GM's next generation hydrogen fuel cell system weighs in 220 pounds lighter than its first attempt and takes up the space of a four cylinder engine.  Contained within the system is GM's 5th generation fuel cell stack which could see commercial use by 2015.

Additional advancements for the new fuel cell system include the reduction of precious metals within by half.  This translates into lower overall cost. With reductions in size, weight, and costs, GM believes commercialization is possible but still a few years away due to lack of fueling stations and lack of funding.

Charles Freese, executive director of GM's fuel-cell program, said, "GM has invested more than $1.5 billion in fuel-cell technology and is committed to continuing to invest, but we no longer can go it alone... We will require government and industry partnerships to install a hydrogen infrastructure."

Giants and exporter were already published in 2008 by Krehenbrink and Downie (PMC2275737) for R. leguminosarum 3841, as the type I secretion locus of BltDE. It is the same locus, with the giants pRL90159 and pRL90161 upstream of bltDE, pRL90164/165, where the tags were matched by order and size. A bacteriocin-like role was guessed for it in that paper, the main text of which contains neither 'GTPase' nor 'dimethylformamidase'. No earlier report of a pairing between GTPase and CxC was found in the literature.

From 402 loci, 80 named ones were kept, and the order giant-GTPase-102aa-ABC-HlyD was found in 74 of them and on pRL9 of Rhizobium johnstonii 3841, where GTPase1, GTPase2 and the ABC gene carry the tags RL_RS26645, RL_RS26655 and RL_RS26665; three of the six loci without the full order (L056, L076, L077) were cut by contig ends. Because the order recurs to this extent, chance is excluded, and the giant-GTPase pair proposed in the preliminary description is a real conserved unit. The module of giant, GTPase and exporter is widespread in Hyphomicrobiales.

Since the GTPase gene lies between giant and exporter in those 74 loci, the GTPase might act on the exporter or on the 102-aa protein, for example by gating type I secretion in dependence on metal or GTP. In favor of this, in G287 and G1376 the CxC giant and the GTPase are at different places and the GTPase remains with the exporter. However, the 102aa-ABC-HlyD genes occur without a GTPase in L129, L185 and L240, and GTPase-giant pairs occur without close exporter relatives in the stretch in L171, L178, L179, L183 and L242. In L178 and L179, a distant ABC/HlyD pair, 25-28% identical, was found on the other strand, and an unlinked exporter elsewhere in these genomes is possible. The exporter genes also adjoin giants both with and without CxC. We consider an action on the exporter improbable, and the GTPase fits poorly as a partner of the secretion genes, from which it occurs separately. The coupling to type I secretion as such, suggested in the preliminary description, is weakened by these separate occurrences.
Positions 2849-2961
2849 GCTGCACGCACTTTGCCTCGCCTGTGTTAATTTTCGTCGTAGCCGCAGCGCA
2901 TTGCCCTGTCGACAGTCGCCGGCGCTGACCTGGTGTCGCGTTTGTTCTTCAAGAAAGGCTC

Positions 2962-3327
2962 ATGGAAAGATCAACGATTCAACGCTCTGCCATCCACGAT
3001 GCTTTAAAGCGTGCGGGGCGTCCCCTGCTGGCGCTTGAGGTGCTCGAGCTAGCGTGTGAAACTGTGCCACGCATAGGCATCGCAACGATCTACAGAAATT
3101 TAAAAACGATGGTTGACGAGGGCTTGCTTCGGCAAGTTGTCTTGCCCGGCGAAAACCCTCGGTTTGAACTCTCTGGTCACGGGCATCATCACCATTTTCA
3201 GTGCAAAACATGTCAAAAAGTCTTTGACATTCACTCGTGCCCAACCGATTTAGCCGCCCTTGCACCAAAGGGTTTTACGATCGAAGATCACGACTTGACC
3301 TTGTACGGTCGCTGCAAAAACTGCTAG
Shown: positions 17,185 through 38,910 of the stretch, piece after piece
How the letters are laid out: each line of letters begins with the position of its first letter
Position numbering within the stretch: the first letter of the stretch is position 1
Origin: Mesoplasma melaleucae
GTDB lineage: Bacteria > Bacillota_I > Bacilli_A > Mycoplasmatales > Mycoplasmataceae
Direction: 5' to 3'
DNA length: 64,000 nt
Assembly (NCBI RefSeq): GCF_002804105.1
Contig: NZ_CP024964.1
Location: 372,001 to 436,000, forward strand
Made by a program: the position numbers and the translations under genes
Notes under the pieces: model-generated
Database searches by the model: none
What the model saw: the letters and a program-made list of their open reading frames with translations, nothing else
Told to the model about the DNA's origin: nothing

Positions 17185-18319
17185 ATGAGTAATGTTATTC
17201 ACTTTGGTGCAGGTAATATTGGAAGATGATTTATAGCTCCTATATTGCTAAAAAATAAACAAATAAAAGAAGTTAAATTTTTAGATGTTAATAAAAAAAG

GM has demonstrated the feasibility and success of fuel cell vehicles through Project Driveway.  The project put over 100 hydrogen electric Chevrolet Equinox crossovers on the road for testing.  The vehicles have combined for over 1 million miles at the hands of ordinary drivers, celebrities and others selected to take part in the program.

GM is hopeful that widespread commercialization will begin soon and is eagerly awaiting additional funds from other sources as well as additional support.  Other countries such as Germany and Japan have announced plans to build thousands of hydrogen fueling stations in the next 5 years, but the U.S. is lagging behind.

As Freese said, "Failure to act will insure the U.S. cannot meet its long-term fuel efficiency and greenhouse gas reduction objectives.  We know what needs to be done. Now is the time to get started."